I remember a surprised engineer at one of the companies we worked with, saying that they had never before had such high quality hardware specs as when they started to use Simics. This was an effect of Simics engineers asking detailed questions about the specs when they built models of the hardware.
JE: We used that picture in various variants quite a bit in the early Simics marketing materials – and it is still describes much of what we do at Intel today. It is a pretty prescient pitch (even if functional simulation existed and had been used to rescue projects before Simics).
What other projects existed at the time, and what were their pitch like?
Note that we are back at SICS days, pre 1998, so “at the time” is not 2002.
When simulation itself became the research topic, the focus changed. It was a lot about the speed of the simulator but also generality and simulator features. We were comparing ourselves to other simulator projects, quoting speeds of various benchmarks and what software was run. One of the projects that was close to Simics was SimOS from Stanford University. Both were so called full-system simulators, capable of running operating system and driver code, not only applications. When the article “SimICS/sun4m, a virtual workstation” was published in 1998, we managed to be the first group to publish that the simulator had booted an unmodified commercial operating system.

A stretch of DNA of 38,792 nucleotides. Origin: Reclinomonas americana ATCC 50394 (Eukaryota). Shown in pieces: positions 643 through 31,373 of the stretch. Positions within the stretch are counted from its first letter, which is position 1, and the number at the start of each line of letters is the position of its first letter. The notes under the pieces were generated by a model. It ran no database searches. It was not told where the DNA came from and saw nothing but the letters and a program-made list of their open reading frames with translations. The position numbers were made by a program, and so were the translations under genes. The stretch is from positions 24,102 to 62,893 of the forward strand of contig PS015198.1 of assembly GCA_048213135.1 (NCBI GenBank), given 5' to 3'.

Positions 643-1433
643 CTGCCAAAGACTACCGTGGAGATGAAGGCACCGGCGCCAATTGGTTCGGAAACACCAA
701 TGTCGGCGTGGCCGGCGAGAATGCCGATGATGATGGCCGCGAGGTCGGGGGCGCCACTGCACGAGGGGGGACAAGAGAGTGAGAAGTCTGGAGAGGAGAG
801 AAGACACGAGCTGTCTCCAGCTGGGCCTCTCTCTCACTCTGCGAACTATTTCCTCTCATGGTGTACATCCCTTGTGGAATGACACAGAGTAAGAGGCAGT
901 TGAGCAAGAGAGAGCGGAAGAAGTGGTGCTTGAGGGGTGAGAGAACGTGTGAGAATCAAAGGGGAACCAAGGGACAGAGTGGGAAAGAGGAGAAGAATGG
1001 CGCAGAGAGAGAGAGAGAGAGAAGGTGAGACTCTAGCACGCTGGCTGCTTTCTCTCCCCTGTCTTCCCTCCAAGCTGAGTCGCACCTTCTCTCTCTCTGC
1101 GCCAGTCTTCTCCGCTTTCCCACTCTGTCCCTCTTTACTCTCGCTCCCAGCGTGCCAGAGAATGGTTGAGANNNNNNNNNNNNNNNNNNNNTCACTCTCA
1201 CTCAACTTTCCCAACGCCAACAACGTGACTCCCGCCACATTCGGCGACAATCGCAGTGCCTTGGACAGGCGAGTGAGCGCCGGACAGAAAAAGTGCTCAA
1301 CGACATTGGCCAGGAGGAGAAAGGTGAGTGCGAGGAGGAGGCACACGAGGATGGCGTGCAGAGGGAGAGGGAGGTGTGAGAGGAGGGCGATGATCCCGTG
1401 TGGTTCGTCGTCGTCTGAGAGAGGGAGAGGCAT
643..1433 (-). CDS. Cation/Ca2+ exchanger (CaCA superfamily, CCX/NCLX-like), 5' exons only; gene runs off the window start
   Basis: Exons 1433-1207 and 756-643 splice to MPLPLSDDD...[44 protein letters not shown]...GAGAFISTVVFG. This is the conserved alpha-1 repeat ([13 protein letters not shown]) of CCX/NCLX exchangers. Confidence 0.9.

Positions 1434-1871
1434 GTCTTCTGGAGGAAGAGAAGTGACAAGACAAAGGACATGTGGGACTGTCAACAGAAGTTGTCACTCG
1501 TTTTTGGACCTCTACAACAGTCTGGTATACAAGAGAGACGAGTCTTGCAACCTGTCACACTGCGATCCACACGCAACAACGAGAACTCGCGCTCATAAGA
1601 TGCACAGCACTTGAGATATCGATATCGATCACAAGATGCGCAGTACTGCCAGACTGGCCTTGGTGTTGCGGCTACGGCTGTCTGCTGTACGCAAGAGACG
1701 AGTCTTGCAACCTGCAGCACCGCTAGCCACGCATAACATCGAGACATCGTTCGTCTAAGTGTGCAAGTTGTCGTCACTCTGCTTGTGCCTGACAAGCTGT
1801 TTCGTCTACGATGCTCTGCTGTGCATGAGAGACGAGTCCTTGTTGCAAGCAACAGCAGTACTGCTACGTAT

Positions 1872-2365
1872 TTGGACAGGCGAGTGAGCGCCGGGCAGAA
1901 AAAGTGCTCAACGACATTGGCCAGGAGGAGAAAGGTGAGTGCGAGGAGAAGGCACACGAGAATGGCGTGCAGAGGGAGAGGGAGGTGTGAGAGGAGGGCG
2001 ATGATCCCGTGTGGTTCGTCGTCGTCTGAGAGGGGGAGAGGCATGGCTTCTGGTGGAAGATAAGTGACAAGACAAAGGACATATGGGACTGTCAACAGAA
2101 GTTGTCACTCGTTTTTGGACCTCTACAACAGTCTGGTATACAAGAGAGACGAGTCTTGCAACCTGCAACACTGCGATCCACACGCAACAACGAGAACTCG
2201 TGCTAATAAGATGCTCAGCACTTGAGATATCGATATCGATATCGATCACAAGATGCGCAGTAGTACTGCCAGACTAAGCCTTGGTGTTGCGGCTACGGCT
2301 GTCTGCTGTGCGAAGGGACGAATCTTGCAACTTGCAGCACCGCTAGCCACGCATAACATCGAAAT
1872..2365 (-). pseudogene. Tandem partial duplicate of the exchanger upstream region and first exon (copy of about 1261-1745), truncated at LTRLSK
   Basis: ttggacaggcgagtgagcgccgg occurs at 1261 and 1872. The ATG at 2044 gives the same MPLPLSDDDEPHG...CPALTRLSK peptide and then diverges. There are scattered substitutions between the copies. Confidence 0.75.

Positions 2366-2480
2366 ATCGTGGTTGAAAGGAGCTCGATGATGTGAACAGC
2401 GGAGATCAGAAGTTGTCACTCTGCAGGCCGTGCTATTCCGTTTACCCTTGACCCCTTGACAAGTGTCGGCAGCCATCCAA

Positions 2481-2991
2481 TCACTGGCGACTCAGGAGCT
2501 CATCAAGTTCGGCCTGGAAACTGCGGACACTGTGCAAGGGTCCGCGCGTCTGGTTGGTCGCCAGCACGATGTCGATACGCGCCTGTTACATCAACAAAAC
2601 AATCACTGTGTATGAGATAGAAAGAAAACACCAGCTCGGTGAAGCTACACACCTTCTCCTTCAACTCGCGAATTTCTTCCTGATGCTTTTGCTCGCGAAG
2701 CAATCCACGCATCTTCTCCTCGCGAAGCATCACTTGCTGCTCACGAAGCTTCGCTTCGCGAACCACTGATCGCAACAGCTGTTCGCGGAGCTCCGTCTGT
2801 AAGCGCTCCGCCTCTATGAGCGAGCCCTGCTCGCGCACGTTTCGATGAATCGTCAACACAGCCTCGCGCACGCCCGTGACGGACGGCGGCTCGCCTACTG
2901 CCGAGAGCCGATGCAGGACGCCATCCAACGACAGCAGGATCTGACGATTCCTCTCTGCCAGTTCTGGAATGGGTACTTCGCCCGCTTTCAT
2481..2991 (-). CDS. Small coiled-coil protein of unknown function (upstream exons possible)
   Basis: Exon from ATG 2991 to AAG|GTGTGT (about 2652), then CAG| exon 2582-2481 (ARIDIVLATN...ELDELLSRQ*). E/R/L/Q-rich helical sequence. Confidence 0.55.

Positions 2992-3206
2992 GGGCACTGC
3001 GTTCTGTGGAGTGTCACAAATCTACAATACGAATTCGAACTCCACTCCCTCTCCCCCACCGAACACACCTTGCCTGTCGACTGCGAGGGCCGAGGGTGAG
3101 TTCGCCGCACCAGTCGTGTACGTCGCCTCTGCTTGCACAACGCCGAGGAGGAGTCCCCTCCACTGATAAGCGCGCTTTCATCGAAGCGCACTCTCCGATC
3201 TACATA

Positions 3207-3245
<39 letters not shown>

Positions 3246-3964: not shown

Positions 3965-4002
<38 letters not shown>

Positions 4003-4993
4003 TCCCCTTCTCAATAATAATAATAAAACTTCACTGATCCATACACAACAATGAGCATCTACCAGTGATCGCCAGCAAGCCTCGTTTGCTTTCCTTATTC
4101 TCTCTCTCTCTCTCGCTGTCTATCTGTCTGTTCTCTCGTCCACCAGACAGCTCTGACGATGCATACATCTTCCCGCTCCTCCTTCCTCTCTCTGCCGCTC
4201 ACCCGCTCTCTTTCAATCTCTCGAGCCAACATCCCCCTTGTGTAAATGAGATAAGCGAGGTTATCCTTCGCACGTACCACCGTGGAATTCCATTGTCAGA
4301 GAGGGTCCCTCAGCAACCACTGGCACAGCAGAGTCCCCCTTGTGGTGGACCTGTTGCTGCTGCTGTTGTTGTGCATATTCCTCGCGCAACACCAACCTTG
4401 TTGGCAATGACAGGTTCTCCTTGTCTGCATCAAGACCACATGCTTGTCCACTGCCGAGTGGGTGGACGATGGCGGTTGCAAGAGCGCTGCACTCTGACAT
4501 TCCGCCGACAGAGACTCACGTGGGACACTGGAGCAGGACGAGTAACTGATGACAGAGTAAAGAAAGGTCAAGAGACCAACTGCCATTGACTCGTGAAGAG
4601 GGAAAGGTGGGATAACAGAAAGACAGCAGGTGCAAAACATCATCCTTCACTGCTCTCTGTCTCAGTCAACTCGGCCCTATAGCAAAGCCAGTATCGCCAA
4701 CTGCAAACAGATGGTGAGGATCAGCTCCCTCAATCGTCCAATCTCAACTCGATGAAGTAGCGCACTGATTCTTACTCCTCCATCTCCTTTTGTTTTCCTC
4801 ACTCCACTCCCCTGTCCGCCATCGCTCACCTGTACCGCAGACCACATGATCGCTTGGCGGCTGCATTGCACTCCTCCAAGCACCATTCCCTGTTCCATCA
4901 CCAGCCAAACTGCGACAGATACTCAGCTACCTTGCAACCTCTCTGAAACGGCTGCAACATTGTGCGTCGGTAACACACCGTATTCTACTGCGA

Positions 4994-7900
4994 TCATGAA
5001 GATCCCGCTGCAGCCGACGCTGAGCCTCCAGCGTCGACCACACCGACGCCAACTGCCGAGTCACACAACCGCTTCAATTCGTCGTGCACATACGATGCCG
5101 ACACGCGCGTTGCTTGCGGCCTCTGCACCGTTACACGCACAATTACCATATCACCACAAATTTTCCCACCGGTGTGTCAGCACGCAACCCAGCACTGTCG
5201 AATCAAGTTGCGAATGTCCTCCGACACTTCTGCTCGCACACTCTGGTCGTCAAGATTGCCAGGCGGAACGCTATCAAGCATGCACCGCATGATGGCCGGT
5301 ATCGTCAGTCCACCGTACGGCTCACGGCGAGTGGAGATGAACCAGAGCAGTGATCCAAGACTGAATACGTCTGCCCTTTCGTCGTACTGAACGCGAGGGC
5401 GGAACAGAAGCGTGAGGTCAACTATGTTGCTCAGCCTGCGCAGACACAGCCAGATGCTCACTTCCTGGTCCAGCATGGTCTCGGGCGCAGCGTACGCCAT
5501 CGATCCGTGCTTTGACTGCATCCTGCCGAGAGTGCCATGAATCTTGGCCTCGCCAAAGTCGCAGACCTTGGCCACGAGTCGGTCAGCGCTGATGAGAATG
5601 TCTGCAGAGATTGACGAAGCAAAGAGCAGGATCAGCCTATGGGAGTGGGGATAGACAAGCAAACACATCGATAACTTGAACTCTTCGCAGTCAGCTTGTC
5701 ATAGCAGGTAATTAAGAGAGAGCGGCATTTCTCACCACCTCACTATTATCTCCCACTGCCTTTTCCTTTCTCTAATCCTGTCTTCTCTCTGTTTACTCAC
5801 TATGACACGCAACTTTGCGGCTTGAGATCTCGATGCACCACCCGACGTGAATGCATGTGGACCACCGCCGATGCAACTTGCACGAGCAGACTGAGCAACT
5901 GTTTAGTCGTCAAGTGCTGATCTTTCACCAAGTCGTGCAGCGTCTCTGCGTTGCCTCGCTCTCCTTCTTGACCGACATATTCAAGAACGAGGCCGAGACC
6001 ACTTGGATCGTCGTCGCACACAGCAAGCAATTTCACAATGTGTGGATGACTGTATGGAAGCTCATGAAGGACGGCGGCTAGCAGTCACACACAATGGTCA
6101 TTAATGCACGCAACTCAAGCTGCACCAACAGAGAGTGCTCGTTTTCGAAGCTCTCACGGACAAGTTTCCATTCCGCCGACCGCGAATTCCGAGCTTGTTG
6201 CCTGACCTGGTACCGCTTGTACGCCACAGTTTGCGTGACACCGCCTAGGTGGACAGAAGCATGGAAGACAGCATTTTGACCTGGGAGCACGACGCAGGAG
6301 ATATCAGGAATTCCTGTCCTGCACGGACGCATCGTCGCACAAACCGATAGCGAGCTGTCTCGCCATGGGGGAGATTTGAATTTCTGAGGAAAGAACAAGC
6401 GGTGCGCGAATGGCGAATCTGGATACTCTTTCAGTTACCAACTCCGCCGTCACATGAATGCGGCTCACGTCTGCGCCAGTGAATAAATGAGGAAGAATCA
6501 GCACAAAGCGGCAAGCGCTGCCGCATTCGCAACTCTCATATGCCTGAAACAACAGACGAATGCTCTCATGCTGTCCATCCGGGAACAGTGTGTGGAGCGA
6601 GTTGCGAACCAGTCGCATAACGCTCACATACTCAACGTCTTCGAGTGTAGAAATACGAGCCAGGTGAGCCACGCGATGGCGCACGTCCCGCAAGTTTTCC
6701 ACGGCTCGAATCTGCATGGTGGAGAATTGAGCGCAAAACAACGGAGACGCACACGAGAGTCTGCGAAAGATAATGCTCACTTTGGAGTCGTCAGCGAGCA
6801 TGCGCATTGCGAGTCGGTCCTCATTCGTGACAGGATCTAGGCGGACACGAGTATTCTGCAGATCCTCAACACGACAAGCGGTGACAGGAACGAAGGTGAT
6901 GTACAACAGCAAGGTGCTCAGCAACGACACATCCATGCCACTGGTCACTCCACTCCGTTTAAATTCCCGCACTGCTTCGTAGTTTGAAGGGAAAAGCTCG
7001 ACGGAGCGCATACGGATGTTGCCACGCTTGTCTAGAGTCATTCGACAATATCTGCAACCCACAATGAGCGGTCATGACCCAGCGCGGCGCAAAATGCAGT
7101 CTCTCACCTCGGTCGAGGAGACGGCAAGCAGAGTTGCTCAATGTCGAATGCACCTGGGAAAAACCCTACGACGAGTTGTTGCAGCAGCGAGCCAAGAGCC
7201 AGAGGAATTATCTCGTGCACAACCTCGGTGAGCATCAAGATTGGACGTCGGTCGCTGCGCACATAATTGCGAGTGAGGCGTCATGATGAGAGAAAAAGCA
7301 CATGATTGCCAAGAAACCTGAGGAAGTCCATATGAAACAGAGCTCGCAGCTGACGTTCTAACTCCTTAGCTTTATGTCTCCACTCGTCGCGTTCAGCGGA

It is worth noting the name of the simulator as written in title of the paper: it is “SimICS”, capitalizing the last three letters. This was the original name, as a play on “Simulator from SICS”. When Simics went commercial and cut the ties to SICS, the product was named Simics as a normal word.
Changing the topic a bit… when I joined Virtutech myself in 2002, I think I started out using Simics 1.2 with Simics 1.4 and 1.6 coming quickly after. Digging back in the early history for this series of blog posts, I discovered that getting to 1.0 took quite a while… why?
The ambition of Simics has always been very high. One effect of this was that we wanted the 1.0 version of Simics to be complete. That included a long list of features that were not implemented in 1998. Instead we released customer specific packages and launched several beta program before Simics 1.0 finally saw the light of day in 2001.
JE: What were some of the more important early features?
Speed was probably the most important feature. Users would never had accepted waiting for days, not even hours to boot their OS but Simics performance was sufficient to avoid this. Speed also increased the pace we develop models as lots of test-runs are needed.
There are several other features that are almost unavoidable. A command line to interact with the simulator, a programming interface to scale and automate the interaction, and a structure to easily add new models, were three that Simics started working on early.
Determinism was important both for our customers, who could reproduce problems easier, and for us because it reduced our debugging and testing efforts. Checkpointing is another interesting feature that has served both us and the customer. The customer could avoid re-running identical parts of a simulation. Internally, it forced us to define what the essential state of the model was.
More abstractly, you could say that a very important early feature was a short distance between our engineers and the users of Simics, making sure that we focused on developing what was needed.